Review: Following the release of his last album of synthesizer-driven imagined sci-fi themes, 2017's "Iteration", Seth Haley AKA Com Truise set about rebuilding his studio, refreshing his palette of sounds and developing a new approach. The result is "Persuasion System", a set of unsurprisingly synthesizer-driven tracks that feels warmer and more human than much of the producer's previous work. Of course, Haley's seemingly inherent melodiousness and obsession with bold aural colours remains at the forefront throughout, meaning that even more bittersweet moments - see "Ultrafiche Of You", "Privilege Escalation" and opaque ambient moments "Gaussian" and "Departure" - will leave listeners feeling suitably warm and fuzzy inside.
The Twenty Second Step As Well As The Tenth (5:06)
The Gates Made Plain (7:25)
Review: Back in 2014, RVNG Intl. released "Anthology of Interplanetary Folk Music Volume 1", a compilation of pioneering early 1980s electronic music by composer and producer Craig Leon. Five years on, they're finally releasing a follow up - and this time the music is brand spanking new. Leon, with assistance from vocalist Cassell Webb, recorded the showcased music between 2015 and 2018. It explores similar sonic territory to the artist's celebrated early work, offering up an atmospheric, synthesizer-driven fusion of ambient, modern classical, New York minimalism, Radio Workshop style electronic experimentalism and new age soundscapes. The set more than lives up to its grandiose title, offering up atmospheric, extra-terrestrial musical movements that sound like they've been beamed down from a galaxy far, far away.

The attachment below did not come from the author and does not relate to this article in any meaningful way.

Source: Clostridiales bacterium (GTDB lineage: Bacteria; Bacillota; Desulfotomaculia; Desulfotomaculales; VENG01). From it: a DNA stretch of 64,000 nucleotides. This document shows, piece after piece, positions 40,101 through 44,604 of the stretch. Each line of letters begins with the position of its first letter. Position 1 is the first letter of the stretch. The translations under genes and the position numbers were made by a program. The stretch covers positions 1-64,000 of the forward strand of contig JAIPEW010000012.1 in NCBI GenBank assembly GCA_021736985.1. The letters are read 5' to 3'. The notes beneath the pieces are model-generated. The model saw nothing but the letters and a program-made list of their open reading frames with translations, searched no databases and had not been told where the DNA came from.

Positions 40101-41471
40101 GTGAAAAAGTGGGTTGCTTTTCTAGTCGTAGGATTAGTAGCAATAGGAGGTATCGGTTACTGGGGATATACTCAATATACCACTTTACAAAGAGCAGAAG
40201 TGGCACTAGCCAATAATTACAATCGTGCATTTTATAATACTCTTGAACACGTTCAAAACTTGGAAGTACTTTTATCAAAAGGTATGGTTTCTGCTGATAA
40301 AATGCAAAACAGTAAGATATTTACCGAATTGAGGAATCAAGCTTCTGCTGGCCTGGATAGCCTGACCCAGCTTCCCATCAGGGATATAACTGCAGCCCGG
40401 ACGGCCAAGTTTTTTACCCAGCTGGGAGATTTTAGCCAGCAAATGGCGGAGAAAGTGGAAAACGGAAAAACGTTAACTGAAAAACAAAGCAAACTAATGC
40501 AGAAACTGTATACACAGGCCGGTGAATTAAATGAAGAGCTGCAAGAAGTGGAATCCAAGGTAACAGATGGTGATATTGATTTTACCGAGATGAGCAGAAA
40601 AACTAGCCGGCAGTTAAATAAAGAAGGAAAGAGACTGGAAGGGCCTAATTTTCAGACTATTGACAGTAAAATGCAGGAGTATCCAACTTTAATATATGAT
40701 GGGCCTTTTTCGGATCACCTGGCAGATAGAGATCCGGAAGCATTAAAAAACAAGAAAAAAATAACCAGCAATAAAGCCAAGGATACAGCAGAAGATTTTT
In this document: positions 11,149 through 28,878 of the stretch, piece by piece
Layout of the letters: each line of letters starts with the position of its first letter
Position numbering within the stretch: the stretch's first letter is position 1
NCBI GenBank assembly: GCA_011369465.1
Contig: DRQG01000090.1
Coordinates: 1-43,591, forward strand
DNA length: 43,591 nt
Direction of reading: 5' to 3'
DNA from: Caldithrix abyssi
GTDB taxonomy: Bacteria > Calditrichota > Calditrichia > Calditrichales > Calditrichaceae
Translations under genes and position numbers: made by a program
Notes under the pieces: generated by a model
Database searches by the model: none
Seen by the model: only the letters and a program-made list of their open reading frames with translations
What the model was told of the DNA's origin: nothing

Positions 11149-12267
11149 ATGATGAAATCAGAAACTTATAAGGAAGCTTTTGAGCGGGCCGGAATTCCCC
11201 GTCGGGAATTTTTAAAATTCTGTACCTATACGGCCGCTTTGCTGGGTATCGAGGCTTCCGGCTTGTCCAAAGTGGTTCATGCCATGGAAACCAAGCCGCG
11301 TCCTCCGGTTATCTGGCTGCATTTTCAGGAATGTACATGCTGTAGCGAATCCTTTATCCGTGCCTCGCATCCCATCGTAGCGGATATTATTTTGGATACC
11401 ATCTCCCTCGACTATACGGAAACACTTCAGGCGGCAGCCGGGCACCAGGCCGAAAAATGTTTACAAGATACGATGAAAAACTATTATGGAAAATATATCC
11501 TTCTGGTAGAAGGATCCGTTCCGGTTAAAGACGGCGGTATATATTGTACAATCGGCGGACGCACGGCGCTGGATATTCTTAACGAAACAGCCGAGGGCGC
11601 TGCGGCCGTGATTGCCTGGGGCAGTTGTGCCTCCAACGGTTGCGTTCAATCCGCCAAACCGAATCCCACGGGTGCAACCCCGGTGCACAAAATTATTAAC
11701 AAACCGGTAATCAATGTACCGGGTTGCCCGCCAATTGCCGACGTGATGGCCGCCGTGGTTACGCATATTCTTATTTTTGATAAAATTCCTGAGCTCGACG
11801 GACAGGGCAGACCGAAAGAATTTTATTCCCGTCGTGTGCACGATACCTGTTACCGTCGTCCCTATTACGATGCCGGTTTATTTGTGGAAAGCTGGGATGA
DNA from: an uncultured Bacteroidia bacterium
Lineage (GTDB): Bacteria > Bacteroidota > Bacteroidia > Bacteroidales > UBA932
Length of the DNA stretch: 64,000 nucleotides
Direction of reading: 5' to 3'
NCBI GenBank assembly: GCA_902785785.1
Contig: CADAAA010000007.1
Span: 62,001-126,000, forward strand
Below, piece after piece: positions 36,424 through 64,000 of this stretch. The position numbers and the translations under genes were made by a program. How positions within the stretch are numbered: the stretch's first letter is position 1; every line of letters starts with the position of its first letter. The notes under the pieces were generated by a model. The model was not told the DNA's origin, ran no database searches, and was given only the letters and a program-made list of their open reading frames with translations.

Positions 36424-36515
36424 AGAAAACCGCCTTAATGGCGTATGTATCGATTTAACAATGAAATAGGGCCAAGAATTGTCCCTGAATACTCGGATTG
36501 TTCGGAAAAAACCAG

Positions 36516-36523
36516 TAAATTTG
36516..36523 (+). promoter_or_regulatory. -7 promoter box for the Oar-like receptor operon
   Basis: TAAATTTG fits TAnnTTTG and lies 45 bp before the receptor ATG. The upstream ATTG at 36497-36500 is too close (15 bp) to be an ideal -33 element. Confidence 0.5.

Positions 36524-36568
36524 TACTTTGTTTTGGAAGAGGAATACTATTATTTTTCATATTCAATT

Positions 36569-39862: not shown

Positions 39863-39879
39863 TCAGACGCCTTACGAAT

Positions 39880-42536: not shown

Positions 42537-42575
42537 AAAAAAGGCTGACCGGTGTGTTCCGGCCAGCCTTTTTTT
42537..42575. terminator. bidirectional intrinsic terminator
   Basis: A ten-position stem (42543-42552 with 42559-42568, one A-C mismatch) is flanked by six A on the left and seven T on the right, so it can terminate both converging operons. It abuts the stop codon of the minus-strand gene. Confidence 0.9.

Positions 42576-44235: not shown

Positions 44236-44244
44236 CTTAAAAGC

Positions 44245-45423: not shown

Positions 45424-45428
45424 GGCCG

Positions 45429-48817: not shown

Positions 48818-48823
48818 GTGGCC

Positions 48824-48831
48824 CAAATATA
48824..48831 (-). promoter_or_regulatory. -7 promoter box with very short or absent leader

Festival Of The Black Sun: Evocation/Transfiguration/The Pit/The Sactifice (8:46)
Lost Forever (12:04)
Review: It's taken a while, but finally Glasgow's Komodo Kolektif has delivered a sequel to its' inspired debut EP, 2017's "Sumantras". It's a biggie, too: an intoxicating, hallucinatory debut album that further explores their obsessions with trance-inducing rhythms, Indonesian gamelan instruments and psychedelic electronic futurism. At times, the album is wild-eyed, panicked and intense (see the hallucinatory throb of opener "Disciple Of The Drone" and the entrancing "Temple Ball"), at others sparse, chiming and bass-heavy ("Sun And Water"). The headline attraction is undoubtedly B-side opener "Festival Of The Black Sun: Evocation/Transfiguration/The Pit/The Sactifice", a rising and falling 18-minute track in three interlinked parts that best exemplifies the band's distinctive vision.
Review: British experimental musician Luke Younger returns to PAN following up 2015's difficult yet riveting opus "Olympic Mess". Composed in the Essex countryside, he once again shapes samples and field recordings into new forms. Movement is an overarching theme - sound collages are assembled and dismantled, and temporal and spatial boundaries fluctuate - on an album that questions the structures around us. We're enjoying the abrasive and textural sonic soundscapes on "Capital Crisis (Ne City Loop)", the droning and hypnotic slo-mo techno of "Leave Them All Behind" with its intoxicating effects, the musique concrete of "Toxic Racecourse" which treads more familiar territory of Helm's work - as does the avant-garde imaginary soundtrack "You Are The Database".
Review: One of the great joys of James Clements' music as ASC is its thrilling unpredictability. While his productions have always been rooted in drum and bass, he's released little straightforward D&B for the best part of a decade. His latest outing on Samurai is dark and hard to pigeonhole, offering tracks that variously mix and match elements of intense acid, Autechre-style IDM, the sub-weight of D&B culture, the aural haziness of ambient and the skittish post-D&B rhythms that have long marked out his work. Our picks of a very strong bunch are the buzzing experimental techno psychedelia of acid-laden closing cut "Currents" and the sparse, sub-heavy haziness of opener "The Siren", where high tempo acid lines bubble away above a suitably hazy and paranoid backing track.